Bortles at ease in second year of Jaguars offensive system
Jaguars QB now leading instead of learning the offense
JACKSONVILLE, Fla. – This off-season has been unlike any other that Blake Bortles has experienced over this five year NFL career. The Jaguars quarterback looked very comfortable during Organized Team Activities.
In years past he’s had to balance fixing his mechanics, worrying about a contract extension or learning a new offense. All of those things have already been taken care of heading into the 2018 season. Bortles would never use any of those situations as an excuse for the inconsistent play that’s defined his career up to this point.
This will be Bortles’ second season in offensive coordinator Nathaniel Hackett’s system and that’s led to an increased comfort level.
“When you start and have a good knowledge and foundation of the offense and the system and you’re not out there trying to learn it as you’re going through OTA’s, it allows you to do other things,” said Bortles. “Now I can help out and focus on the other things and intricacies and adjustments of the offense. I think it’s been good, the guys have come along really well.”
One thing that has been consistent about Bortles is his cool and calm demeanor. In speaking with the media he’s the same each week no matter if he threw for 300 yards and three touchdowns or if he threw multiple interceptions.
From the outside perspective he looks more confident but Bortles says not much has changed.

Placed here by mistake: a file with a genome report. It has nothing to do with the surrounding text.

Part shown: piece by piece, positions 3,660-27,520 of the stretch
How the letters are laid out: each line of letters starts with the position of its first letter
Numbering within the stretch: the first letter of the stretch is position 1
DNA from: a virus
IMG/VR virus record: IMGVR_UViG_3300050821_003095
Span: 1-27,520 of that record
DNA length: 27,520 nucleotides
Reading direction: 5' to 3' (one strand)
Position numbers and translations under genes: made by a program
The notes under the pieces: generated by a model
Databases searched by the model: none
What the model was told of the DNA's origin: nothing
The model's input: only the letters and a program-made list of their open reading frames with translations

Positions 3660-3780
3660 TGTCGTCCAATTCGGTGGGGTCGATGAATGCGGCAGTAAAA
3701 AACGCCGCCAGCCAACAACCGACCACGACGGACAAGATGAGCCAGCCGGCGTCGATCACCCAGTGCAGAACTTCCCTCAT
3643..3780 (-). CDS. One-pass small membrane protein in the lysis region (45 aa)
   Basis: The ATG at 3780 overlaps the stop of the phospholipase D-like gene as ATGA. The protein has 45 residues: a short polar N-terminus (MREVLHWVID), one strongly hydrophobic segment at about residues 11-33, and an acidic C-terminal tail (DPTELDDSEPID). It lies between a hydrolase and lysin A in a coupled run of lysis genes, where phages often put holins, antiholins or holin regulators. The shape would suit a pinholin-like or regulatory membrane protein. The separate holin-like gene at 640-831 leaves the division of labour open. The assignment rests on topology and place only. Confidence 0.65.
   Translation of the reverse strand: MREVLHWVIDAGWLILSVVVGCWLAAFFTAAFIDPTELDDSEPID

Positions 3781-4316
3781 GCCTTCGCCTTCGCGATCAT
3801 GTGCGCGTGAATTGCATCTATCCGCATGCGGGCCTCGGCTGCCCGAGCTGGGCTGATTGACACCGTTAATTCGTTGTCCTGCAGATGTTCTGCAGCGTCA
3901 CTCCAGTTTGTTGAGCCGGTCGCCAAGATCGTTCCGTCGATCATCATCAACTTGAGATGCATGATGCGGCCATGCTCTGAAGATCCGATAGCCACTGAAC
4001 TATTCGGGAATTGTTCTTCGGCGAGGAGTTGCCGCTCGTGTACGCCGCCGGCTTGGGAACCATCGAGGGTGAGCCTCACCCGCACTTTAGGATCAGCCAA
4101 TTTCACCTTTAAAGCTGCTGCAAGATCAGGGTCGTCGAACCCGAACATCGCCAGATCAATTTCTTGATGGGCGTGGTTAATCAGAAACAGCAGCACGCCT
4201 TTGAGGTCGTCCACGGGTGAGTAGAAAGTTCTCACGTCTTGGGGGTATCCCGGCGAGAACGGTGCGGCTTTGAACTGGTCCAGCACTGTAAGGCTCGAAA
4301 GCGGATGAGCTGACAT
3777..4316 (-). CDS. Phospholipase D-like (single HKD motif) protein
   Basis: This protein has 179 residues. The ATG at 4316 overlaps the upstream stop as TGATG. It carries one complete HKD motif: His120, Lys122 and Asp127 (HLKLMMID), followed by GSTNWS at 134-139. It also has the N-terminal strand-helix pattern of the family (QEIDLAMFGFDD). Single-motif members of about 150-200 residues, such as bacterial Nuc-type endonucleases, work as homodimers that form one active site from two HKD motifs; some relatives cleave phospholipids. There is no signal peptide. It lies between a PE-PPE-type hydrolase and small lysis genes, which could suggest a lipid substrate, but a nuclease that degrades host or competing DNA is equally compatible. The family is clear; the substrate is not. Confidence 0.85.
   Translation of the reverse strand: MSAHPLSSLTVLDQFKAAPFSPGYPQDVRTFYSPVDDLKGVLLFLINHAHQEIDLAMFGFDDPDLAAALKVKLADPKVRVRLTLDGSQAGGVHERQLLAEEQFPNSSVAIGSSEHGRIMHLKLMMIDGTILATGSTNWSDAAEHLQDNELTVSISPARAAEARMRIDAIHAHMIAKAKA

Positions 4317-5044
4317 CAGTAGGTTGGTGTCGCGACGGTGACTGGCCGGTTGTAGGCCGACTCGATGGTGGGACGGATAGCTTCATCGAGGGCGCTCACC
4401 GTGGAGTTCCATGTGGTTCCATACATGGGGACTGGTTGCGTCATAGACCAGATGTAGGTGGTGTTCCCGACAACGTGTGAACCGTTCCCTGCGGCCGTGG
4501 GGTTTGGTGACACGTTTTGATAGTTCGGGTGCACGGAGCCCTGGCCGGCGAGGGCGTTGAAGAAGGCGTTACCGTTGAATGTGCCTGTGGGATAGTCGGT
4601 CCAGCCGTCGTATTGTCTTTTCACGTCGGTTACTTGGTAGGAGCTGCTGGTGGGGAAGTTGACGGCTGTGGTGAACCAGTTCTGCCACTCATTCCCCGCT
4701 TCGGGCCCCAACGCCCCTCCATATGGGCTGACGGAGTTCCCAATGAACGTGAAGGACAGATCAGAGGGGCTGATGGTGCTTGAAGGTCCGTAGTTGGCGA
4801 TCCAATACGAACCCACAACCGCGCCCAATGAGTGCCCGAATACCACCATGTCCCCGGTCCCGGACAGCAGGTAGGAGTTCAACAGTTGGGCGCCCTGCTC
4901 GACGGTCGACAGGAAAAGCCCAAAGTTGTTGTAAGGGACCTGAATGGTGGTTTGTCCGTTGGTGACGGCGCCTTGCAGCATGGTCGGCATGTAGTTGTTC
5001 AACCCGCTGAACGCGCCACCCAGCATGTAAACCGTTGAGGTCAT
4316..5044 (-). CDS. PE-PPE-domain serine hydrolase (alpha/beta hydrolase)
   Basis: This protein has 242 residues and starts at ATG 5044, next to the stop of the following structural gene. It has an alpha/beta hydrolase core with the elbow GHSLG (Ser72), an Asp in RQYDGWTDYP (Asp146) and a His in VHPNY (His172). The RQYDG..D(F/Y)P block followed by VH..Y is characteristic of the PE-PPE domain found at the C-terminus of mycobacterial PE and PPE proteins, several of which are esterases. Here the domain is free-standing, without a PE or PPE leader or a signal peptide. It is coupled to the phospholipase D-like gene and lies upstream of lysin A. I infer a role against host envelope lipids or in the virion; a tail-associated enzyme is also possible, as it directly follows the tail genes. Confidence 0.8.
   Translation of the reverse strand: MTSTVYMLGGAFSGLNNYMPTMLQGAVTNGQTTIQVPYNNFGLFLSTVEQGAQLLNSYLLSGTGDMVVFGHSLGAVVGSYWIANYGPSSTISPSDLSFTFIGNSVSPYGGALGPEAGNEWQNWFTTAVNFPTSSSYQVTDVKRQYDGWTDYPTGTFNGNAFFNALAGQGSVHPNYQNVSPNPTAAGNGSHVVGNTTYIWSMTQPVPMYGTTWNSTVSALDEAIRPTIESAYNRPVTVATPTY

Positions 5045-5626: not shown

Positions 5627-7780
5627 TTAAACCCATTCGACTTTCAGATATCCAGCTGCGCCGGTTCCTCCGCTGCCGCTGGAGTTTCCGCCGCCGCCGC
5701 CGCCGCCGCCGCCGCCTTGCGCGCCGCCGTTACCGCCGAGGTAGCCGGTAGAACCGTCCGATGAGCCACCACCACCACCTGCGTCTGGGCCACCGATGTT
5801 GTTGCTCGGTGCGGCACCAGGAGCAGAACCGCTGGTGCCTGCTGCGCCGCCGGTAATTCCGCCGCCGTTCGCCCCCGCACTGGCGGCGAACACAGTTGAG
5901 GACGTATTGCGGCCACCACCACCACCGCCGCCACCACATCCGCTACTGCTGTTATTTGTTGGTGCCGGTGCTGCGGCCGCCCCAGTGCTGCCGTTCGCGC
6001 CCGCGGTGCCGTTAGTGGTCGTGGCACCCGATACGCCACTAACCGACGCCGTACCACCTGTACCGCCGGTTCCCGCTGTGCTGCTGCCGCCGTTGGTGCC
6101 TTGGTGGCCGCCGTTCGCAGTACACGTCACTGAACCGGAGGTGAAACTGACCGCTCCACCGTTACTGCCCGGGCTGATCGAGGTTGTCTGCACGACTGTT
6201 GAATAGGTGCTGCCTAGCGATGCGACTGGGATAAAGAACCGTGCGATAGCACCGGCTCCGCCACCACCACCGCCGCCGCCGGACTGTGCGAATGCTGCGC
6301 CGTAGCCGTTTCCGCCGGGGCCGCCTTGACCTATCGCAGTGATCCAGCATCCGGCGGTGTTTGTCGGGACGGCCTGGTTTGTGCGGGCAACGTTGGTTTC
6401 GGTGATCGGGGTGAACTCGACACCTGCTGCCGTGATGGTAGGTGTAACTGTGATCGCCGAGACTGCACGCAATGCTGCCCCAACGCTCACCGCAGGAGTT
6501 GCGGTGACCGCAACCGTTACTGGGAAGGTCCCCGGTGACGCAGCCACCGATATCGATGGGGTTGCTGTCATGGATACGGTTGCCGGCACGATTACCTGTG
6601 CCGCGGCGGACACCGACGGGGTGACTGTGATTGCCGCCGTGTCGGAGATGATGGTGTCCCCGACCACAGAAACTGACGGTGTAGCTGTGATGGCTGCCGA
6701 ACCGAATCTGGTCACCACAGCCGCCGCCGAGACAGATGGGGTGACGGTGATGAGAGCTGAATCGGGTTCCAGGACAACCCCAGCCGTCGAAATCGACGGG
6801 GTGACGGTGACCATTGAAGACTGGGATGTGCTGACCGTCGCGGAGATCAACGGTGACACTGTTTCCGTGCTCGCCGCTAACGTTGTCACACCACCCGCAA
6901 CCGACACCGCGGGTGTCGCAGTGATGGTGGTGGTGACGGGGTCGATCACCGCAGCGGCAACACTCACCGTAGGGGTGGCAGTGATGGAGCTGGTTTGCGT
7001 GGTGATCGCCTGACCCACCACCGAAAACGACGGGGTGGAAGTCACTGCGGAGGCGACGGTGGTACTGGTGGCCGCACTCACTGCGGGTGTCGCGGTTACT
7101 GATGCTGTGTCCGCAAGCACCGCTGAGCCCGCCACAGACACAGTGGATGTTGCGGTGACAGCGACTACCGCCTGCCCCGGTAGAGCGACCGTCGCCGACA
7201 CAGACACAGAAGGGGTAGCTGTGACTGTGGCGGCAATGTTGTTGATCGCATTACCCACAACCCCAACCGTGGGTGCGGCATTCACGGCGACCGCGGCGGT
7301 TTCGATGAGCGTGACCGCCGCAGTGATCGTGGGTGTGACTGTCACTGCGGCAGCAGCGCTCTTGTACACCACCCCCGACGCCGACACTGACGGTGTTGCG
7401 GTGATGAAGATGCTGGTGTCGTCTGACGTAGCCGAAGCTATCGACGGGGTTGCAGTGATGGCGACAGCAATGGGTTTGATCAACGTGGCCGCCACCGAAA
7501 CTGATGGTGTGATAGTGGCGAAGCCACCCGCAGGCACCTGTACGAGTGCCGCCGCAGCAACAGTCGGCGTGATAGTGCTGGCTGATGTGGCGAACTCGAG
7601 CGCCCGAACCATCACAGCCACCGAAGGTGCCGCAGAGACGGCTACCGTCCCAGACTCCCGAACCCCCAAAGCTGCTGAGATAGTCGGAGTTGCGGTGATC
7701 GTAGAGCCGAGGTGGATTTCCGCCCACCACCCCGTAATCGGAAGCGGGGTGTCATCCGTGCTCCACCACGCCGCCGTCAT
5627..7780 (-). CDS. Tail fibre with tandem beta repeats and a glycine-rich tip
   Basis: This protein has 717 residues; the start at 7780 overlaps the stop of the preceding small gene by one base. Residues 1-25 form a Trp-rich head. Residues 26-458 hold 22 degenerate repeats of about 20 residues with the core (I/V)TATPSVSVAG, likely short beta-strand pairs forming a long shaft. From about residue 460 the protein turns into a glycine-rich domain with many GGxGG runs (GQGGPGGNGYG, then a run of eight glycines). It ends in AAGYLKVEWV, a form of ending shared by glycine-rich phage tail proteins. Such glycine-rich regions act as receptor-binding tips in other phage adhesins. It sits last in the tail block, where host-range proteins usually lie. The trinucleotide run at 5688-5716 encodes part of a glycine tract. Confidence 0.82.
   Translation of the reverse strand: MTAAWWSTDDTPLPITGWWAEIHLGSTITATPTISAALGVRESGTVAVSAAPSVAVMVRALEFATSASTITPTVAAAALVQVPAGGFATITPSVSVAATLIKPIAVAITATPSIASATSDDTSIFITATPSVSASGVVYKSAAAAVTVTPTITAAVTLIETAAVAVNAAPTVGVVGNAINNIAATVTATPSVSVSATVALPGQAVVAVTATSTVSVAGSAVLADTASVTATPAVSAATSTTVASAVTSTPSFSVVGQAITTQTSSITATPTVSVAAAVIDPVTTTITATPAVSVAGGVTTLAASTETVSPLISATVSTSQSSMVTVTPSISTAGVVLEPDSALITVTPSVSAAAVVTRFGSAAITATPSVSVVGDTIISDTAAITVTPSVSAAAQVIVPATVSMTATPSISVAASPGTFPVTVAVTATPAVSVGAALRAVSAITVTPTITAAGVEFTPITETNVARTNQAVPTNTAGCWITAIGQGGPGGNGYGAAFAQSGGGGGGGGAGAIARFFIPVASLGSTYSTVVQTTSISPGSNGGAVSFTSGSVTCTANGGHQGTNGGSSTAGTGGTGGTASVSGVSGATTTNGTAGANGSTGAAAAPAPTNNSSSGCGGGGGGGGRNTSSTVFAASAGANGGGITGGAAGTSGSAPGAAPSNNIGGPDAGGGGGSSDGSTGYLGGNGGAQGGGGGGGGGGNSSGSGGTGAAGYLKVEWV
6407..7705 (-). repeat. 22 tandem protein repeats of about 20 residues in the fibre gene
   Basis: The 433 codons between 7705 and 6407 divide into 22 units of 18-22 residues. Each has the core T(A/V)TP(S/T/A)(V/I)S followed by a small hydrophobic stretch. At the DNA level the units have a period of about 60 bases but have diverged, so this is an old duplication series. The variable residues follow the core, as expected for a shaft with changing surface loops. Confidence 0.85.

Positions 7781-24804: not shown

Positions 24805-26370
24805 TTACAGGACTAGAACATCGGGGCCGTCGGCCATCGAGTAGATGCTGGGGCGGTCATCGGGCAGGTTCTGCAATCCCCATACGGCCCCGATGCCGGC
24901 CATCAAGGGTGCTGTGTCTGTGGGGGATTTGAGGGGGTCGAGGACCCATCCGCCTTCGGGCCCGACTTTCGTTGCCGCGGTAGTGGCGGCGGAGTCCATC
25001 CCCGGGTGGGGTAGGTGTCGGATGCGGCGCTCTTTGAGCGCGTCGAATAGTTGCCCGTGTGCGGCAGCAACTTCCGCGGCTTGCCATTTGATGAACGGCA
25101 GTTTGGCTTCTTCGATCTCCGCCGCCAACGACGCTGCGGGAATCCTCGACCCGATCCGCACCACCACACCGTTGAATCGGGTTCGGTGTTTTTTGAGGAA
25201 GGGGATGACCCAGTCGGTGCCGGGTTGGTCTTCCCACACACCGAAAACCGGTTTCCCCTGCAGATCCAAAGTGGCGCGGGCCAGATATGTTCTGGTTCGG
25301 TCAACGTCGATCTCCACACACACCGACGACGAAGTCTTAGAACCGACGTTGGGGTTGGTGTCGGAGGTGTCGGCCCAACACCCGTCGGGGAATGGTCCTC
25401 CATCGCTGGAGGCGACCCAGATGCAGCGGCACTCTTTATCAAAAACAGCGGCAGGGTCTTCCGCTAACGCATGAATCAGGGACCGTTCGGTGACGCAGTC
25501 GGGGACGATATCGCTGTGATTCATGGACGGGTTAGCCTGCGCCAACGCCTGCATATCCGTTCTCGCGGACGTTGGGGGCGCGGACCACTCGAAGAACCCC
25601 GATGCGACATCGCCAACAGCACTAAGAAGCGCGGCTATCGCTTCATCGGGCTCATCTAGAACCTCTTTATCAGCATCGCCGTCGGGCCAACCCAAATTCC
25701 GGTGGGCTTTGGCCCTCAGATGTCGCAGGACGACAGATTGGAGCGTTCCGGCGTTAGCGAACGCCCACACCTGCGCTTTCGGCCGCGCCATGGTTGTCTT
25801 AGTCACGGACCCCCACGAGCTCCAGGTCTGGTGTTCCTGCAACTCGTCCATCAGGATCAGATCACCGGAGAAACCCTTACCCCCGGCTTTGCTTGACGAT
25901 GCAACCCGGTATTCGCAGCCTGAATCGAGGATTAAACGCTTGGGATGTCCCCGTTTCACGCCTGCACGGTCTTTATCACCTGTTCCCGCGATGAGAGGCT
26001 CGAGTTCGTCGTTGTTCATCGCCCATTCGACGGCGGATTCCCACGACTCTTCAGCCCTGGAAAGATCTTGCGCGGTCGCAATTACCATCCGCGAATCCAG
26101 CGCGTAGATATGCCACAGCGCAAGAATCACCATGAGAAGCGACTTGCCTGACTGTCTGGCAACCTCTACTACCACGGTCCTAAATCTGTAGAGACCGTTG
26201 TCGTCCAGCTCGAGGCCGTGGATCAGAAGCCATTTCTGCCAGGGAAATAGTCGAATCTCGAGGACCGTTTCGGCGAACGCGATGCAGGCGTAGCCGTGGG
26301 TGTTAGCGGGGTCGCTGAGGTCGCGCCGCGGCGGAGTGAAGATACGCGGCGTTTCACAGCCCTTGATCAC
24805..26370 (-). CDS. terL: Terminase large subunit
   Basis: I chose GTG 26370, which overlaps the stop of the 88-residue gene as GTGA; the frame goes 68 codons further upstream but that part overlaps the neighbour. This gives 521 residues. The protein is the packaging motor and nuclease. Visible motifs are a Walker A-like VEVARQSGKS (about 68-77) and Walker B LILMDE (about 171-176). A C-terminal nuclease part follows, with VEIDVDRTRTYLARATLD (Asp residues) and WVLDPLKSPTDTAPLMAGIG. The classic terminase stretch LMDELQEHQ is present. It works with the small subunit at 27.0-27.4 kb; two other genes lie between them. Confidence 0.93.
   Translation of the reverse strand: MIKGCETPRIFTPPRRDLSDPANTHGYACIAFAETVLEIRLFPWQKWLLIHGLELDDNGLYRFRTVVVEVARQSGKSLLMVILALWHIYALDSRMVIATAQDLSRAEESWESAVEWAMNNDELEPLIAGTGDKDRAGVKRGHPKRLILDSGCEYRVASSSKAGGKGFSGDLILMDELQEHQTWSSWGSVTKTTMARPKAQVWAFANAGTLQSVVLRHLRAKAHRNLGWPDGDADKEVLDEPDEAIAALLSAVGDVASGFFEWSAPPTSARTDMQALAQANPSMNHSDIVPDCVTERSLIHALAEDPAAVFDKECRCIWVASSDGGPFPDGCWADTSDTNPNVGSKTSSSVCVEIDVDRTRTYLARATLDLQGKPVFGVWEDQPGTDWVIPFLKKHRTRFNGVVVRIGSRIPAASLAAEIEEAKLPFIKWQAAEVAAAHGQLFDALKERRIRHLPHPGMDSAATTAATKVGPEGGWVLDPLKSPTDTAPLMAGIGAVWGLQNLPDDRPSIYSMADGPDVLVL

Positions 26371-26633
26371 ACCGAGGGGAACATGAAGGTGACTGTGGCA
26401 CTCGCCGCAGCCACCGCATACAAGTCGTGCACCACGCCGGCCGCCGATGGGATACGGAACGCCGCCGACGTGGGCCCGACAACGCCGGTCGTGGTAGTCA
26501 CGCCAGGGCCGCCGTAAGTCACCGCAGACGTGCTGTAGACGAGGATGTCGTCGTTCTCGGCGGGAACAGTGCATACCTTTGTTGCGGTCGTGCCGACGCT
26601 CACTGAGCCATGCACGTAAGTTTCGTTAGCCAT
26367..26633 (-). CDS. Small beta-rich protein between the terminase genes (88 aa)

“I feel the same,” said Bortles. “Obviously a year in the offense helps out mentally. It feels good to go out there and feel in control of the system. To be able to help guys out and have communication with guys on how to do different things and how we want to run things is big.”
This time a year ago Bortles’ top two receiving threats were Allen Robinson and Allen Hurns. Both receivers have since departed Jacksonville for Chicago and Dallas respectively. Once minicamp ends on Thursday Bortles plans to meet with his group of pass catchers at some point before training camp starts.
While it’s important to develop on field chemistry during the off-season program, Bortles says it’s just as important to get to know each of his teammates as individuals.
“Anytime you spend time with people you get to learn about them,” said Bortles. “I think that’s important when it comes to playing with somebody. You have to know what type of people they are and be able to create a relationship with them. It’s important to be able to do that. Then you get to see a little bit about what kind of competitor they are. What kind of football player they are. A little bit of that comes out as much as it can without us wearing shoulder pads.”
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